A positive distraction from the ongoing global crisis has become vital as despair and gloom dominate optimism. In these tragic times, customers are desperate for a dose of positivity to brighten their days and lift their spirits. Positive marketing and brand empathy have taken over the marketing world to captivate and support consumers. The combination acts as an exceptional approach to marketing with the ultimate focus of achieving social good and wellbeing.
Do consumers connect more with positive marketing approaches?
Customers have been actively preferring businesses that work towards positive social change and support their customers and community during times of turmoil.
65% of consumers will not buy from a brand if it stays silent on an issue that the customers care about, according to an Edelman report. Moreover, YouGov, a global market research and data company, conducted a report that indicated that the majority of consumers in both the UK and the US believe that it is important for brands to get involved in social issues. 58% of consumers further indicated that the reason for this belief was that they wanted to interact with socially responsible brands that they could trust.
How have businesses adapted to positive marketing?
From small businesses to large, positive marketing has recently captured hearts across the world. We highlight some of the most cherished marketing campaigns and categories below.
- Disability Awareness: On the World Down Syndrome Day, CoorDown (the Italian Down Syndrome organization) and Linkedin partnered with Small Illustrates to portray a chain reaction that starts from hiring a young woman with down syndrome at a bakery. The heart-rendering ad film was made to motivate organizations to use the Hiring Chain website and raise awareness about down syndrome. The website allows businesses to connect with talented individuals with down syndrome and build a culture of inclusion. Small Illustrates also collaborated with Sting for the playback music to increase the reach of the campaign.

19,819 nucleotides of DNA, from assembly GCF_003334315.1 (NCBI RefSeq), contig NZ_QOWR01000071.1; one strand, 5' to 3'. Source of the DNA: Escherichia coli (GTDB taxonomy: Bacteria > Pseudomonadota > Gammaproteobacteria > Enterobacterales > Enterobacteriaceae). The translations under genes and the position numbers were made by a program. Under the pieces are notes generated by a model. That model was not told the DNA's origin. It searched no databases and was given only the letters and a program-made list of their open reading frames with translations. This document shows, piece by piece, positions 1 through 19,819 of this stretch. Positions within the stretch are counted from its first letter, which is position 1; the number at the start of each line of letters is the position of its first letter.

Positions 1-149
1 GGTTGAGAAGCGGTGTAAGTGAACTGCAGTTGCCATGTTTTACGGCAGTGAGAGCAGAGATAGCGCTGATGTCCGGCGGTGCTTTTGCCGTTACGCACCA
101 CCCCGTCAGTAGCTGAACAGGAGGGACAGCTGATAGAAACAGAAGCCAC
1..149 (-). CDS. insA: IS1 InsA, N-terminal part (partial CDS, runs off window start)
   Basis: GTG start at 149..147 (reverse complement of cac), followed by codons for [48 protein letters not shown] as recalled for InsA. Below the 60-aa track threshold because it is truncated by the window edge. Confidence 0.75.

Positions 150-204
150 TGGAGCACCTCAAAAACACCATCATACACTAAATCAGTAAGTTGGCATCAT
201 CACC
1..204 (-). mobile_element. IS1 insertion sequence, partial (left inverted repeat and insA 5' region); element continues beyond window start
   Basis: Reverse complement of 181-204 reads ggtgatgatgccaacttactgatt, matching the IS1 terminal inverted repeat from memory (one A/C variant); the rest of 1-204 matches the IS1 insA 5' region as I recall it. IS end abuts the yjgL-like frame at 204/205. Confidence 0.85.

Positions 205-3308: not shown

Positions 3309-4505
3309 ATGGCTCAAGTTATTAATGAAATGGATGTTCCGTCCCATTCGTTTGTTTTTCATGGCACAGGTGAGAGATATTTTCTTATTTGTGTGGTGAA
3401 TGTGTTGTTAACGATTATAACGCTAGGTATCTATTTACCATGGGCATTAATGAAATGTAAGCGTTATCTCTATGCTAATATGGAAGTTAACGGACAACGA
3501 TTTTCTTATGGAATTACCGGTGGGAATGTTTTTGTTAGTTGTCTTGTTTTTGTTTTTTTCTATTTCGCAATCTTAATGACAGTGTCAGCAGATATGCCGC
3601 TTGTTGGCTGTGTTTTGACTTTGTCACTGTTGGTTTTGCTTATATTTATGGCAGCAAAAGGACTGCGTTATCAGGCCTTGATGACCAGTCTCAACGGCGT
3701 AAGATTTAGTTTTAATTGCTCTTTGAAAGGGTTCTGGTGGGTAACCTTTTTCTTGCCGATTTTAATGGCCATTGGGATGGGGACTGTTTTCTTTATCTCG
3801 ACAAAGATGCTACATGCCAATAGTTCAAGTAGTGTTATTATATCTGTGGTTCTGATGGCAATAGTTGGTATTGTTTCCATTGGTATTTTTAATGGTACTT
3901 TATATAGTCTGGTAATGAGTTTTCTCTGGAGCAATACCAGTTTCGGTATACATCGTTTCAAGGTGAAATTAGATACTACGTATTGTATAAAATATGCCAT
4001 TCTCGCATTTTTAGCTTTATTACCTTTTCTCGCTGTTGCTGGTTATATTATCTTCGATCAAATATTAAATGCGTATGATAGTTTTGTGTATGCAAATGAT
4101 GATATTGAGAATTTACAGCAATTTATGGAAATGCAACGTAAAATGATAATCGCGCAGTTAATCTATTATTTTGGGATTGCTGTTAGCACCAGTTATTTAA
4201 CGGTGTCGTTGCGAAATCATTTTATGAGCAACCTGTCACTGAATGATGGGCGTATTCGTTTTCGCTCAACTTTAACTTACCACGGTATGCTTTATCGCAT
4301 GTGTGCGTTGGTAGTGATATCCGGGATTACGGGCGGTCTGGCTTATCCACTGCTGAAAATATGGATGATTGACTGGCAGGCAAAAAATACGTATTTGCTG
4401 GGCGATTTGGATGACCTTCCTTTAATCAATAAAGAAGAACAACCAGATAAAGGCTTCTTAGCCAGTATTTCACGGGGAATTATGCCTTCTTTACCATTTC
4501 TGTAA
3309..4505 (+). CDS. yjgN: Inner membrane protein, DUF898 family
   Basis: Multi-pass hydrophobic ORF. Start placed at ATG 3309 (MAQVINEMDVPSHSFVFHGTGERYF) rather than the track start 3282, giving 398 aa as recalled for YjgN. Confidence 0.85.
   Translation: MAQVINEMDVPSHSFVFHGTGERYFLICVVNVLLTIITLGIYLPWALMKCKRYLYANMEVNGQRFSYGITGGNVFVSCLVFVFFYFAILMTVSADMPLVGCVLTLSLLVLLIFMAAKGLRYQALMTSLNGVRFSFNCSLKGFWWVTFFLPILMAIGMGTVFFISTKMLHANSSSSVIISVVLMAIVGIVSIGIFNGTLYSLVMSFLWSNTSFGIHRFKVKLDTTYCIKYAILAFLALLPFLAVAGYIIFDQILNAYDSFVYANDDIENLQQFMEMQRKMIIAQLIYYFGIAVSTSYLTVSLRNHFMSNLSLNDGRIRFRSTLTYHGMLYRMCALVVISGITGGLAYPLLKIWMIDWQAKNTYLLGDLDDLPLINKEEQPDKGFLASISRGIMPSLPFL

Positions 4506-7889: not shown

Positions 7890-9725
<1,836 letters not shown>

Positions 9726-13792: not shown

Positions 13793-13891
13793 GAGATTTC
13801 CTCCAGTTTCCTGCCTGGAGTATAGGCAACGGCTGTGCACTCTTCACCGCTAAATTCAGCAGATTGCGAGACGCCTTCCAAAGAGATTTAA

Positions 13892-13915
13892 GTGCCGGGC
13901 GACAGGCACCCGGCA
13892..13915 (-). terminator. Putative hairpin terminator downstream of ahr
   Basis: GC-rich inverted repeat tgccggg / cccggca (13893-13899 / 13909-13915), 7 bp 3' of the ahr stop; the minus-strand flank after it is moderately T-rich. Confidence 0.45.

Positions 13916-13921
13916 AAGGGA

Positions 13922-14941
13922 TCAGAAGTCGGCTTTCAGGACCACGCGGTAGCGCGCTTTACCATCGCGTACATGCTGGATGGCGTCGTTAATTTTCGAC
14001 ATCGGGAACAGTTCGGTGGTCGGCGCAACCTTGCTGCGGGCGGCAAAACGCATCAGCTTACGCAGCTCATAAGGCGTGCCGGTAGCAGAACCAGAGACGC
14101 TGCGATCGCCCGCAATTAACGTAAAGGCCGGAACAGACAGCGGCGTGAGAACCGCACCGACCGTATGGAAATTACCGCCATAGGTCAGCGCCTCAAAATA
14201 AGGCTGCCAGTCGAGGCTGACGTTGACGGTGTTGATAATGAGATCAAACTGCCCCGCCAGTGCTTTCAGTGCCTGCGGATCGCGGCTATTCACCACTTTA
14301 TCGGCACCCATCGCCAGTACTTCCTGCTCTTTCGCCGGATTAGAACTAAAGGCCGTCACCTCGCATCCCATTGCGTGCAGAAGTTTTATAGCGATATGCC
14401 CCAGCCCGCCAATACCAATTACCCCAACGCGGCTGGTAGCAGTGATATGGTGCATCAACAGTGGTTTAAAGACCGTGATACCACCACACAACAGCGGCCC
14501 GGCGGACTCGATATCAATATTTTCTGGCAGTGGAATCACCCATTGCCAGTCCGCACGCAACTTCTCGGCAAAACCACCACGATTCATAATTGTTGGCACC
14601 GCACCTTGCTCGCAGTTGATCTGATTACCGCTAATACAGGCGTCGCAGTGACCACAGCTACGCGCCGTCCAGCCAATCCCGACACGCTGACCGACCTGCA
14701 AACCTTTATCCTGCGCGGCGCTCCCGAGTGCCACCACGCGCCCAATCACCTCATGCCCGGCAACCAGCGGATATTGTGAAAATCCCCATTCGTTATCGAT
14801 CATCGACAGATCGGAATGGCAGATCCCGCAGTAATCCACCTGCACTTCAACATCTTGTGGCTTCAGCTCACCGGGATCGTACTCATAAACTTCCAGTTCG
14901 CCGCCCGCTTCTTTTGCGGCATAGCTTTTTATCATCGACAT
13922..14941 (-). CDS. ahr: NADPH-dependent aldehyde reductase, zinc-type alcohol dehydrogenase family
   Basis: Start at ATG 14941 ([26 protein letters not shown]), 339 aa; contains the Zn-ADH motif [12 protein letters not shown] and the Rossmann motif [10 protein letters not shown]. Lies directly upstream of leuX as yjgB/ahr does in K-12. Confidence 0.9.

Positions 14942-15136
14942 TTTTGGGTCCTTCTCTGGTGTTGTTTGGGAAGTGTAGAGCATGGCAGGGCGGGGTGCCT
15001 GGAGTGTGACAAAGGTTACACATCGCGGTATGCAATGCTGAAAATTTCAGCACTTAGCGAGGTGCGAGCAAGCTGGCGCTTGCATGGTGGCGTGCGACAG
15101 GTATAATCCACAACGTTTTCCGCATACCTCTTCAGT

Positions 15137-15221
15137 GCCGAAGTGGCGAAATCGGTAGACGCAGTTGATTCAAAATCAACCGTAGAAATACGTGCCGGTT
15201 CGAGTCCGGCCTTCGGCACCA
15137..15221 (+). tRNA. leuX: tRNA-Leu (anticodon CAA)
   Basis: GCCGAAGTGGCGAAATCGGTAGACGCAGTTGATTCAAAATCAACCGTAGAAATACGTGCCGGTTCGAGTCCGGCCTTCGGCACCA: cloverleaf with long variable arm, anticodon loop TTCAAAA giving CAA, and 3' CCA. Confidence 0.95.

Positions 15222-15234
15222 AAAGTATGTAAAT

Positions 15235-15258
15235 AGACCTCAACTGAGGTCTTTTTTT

- Sustainability: Dove decided to launch refillable deodorant packages to be more environmentally friendly and sustainable. Disposable tubes and caps from deodorant contribute to significant plastic gathering in landfills. To tackle this, Dove announced a new line of deodorants, made with a stainless steel case. Dove has guaranteed that the reusable case will stand the test of time. However, if the case faces damage, Dove will replace it free of charge. Dove’s mission to help reduce global waste proved to inspire other brands to step towards sustainability and end ‘disposable’ culture.
- Pandemic Relief: Coca Cola captivated viewers in collaboration with Dentsu for the campaign ‘To The Human Race.’ The ad was a fresh dose of optimism and energy as it paid tribute to everyone across the world for staying strong through the pandemic. Advertising a ‘vaccine of positivity,’ the film encouraged the world to stay strong, positive and kind. The brand also launched a series called ‘Unsung Heroes’ which features inspirational workers at Coca-Cola across the world and their hard work.
- Health and fitness: Doc Morris’s heartwarming Christmas advert captured millions across the world. The moving ad featured an old man training for weeks secretly by trying to lift a kettlebell. He came across obstacles, side-glances from neighbours and motivated himself by looking at an unseen photo. On Christmas, the man visits his granddaughter and gifts her a remarkable star for their Christmas tree. The reason for his unwavering dedication is revealed as he lifts his granddaughter so that she can place the star on the tree. The soul-stirring ad, accompanied with the tagline of ‘So that you can take care of what really matters in life,’ left viewers emotional across social media.
In conclusion, positive marketing has become crucial for every business to adopt. In a world of uncertainty and adversity, your brand can become the beacon of hope and positivity that consumers are desperate for.